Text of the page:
- The Washington Times - Saturday, June 2, 2007

VIENNA, Austria — When the communists were ousted across Eastern Europe, the capitalists moved in. For foreign companies from McDonald’s to Microsoft, it was an exciting new frontier — a cheap place to make things, with 70 million potential consumers to buy them.

Now, 18 years after the East embraced economic freedom, come the first tentative signs that an unprecedented boom may be on the verge of going bust.

Although big business is still expanding briskly across the region, wages, real estate and taxes are rising fast. Put simply, for companies looking to outsource manufacturing or services, the newest corner of the European Union just isn’t the bargain it used to be.

Analysts say the shift is subtle — in some places barely perceptible — but they warn that the rapidly prospering nations of Central and Eastern Europe soon could become victims of their own success by pricing themselves out of the market.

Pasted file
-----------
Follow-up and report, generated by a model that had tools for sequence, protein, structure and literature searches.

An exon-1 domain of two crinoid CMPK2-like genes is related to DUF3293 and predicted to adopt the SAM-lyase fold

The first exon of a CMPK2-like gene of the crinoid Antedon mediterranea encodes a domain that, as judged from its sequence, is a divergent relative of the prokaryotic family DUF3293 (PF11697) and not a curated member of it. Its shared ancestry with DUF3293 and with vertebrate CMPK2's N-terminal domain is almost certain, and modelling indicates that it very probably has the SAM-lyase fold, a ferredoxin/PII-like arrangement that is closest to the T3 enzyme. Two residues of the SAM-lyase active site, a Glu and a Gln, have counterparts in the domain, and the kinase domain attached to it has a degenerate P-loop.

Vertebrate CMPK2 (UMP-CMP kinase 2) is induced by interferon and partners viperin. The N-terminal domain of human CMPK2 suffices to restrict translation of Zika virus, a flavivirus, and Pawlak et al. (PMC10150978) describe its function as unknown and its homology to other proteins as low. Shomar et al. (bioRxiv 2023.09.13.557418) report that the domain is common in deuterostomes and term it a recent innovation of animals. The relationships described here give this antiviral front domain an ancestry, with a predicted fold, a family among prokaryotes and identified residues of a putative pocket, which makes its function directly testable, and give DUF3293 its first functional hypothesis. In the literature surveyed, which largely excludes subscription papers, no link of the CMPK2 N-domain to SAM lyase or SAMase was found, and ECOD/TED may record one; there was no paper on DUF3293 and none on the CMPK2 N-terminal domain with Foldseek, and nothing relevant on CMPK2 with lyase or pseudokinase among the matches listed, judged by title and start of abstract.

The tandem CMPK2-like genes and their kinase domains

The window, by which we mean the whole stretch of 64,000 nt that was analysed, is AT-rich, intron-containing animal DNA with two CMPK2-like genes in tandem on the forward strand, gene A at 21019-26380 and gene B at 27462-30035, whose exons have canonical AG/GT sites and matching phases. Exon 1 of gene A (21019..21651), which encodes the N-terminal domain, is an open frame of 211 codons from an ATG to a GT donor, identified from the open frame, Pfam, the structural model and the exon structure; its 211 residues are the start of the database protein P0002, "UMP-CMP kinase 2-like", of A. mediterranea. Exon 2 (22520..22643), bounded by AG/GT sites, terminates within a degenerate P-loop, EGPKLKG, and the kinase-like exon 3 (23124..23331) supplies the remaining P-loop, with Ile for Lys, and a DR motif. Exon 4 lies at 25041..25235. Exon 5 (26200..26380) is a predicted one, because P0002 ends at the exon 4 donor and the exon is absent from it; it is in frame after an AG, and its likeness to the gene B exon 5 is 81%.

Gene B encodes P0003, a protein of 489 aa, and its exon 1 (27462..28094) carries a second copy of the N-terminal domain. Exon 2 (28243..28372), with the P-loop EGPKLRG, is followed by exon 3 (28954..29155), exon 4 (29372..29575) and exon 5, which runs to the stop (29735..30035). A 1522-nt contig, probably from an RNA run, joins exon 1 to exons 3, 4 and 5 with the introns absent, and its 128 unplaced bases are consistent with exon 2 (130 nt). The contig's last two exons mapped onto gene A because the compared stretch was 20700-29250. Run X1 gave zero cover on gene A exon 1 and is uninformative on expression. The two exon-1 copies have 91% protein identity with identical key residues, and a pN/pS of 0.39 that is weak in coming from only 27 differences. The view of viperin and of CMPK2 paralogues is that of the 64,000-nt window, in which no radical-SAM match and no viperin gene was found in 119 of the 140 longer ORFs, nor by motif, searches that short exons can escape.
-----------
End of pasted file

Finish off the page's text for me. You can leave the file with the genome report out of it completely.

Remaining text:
“It has happened before — Mexico, Singapore, Thailand — and will continue to happen as long as there are ‘lower cost’ places with the human and political potential to be developed,” said Charlie Barnhart, a senior consultant for Alameda, Calif.-based Technology Forecasters Inc.

Mr. Barnhart thinks there could be a noticeable “sustained softening” of foreign outsourcing to the East in as soon as two or three years.

It’s happening already. Among companies that recently scaled back or pulled out:

• Delphi Corp., a Troy, Mich.-based auto parts supplier that filed for bankruptcy in 2005, shifted some manufacturing from the Czech Republic, where workers earned about $6 an hour, to Ukraine, where the going rate is closer to $1.60.